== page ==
The video: After six years of development and at least $240 million, the U.S. Navy's futuristic electromagnetic railgun is one big step closer to reality. The Office of Naval Research (ONR) is now test-firing a working prototype of the weapon that's small enough to fit on a warship. Using electric pulses, not chemical explosives, the cannon can shoot a 40-pound metal slug from New York to Philadelphia at up to 5,600 miles per hour — more than seven times the speed of sound — with 32 times the force of a car traveling at 100 miles per hour. (Watch a video below.) "This is the stuff you saw in movies a couple of years ago — cutting-edge, taking out the Transformers — and now it's reality," says ONR chief Adm. Matthew Klunder.
The reaction: Meet "the ultimate superweapon," says David Woods at Manolith. The railgun is already deadly with these test projectiles — basically non-aerodynamic hunks of metal — and once the railgun starts using real ammo, "it could revolutionize the way battles are fought." But watching this "railgun in action chills me to the bone," says Jacqueline Burt at The Stir. "I'm not disputing the incredible technical achievement this signifies," but I could say the same of the atomic bomb. Can any good "ever come from creating a weapon of mass destruction"? See for yourself:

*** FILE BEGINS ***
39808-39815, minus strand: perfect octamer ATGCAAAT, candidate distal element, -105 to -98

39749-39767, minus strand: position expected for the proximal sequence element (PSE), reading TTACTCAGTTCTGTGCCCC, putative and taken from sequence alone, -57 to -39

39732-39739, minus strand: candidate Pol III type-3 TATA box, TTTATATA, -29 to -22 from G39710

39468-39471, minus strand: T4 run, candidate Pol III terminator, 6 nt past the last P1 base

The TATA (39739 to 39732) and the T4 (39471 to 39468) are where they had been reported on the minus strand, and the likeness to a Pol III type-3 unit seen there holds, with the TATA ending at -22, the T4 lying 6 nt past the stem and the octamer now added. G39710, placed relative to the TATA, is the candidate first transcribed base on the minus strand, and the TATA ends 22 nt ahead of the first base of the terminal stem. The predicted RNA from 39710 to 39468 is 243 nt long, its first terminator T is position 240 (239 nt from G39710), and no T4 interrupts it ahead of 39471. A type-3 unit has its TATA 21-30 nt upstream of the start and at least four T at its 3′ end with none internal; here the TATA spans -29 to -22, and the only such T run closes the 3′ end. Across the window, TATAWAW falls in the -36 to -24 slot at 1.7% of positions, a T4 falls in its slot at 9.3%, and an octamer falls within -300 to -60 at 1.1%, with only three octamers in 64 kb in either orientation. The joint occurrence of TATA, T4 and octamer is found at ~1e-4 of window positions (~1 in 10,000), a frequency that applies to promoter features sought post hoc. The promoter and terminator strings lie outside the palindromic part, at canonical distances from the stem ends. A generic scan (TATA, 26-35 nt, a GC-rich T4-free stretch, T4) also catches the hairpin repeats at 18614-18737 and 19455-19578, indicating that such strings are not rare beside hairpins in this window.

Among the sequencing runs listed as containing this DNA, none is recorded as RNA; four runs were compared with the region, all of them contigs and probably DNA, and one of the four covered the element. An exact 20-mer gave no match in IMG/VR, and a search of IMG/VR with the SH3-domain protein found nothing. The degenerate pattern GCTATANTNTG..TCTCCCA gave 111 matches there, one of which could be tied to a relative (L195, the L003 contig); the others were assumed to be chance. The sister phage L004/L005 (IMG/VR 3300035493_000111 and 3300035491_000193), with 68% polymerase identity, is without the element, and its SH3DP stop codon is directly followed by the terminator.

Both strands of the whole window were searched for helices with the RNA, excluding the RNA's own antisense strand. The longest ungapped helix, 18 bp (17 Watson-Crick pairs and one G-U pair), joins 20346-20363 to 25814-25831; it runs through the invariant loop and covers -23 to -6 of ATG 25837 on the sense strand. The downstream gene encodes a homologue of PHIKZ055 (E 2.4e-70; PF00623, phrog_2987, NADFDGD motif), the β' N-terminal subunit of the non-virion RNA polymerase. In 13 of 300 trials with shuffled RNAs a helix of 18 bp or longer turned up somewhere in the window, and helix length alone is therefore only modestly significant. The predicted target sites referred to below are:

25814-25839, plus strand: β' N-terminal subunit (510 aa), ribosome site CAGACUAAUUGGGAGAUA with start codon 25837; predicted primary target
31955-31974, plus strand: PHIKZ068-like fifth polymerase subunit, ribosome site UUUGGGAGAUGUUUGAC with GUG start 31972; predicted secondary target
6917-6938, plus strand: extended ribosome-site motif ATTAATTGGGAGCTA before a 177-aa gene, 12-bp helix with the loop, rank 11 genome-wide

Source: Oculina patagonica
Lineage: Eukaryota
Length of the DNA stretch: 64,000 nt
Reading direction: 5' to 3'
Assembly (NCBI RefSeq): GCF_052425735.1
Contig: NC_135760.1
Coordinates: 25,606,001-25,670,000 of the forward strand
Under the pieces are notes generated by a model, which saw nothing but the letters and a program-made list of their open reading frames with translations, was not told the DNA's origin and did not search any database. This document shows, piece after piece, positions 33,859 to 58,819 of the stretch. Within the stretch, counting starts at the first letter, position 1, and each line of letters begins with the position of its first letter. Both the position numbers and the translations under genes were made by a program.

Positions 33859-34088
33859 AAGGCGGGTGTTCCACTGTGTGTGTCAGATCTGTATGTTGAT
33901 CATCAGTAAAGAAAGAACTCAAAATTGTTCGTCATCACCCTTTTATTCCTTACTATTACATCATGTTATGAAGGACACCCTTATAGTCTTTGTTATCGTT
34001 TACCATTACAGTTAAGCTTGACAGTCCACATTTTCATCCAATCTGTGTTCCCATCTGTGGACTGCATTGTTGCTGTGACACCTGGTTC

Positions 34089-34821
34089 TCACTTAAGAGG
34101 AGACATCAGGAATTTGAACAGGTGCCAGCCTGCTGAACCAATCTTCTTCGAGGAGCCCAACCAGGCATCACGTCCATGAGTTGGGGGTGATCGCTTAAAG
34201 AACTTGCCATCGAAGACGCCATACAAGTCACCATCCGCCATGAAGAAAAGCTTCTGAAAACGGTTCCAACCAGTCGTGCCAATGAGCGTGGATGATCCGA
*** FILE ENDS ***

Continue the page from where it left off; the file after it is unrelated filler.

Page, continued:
THE WEEK'S AUDIOPHILE PODCASTS: LISTEN SMARTER
- How to be the most productive person in your office — and still get home by 5:30 p.m.
- 43 TV shows to watch in 2014
- How our botched understanding of 'science' ruins everything
- California's epic drought
- 10 things you need to know today: September 20, 2014
- 6 things the happiest families all have in common
- Peter Thiel, and the not-so-secret secret of innovative success
- Why so many Christians won't back down on gay marriage
- The science of sex: 4 harsh truths about dating and mating
- What would a U.S.-Russia war look like?
Subscribe to the Week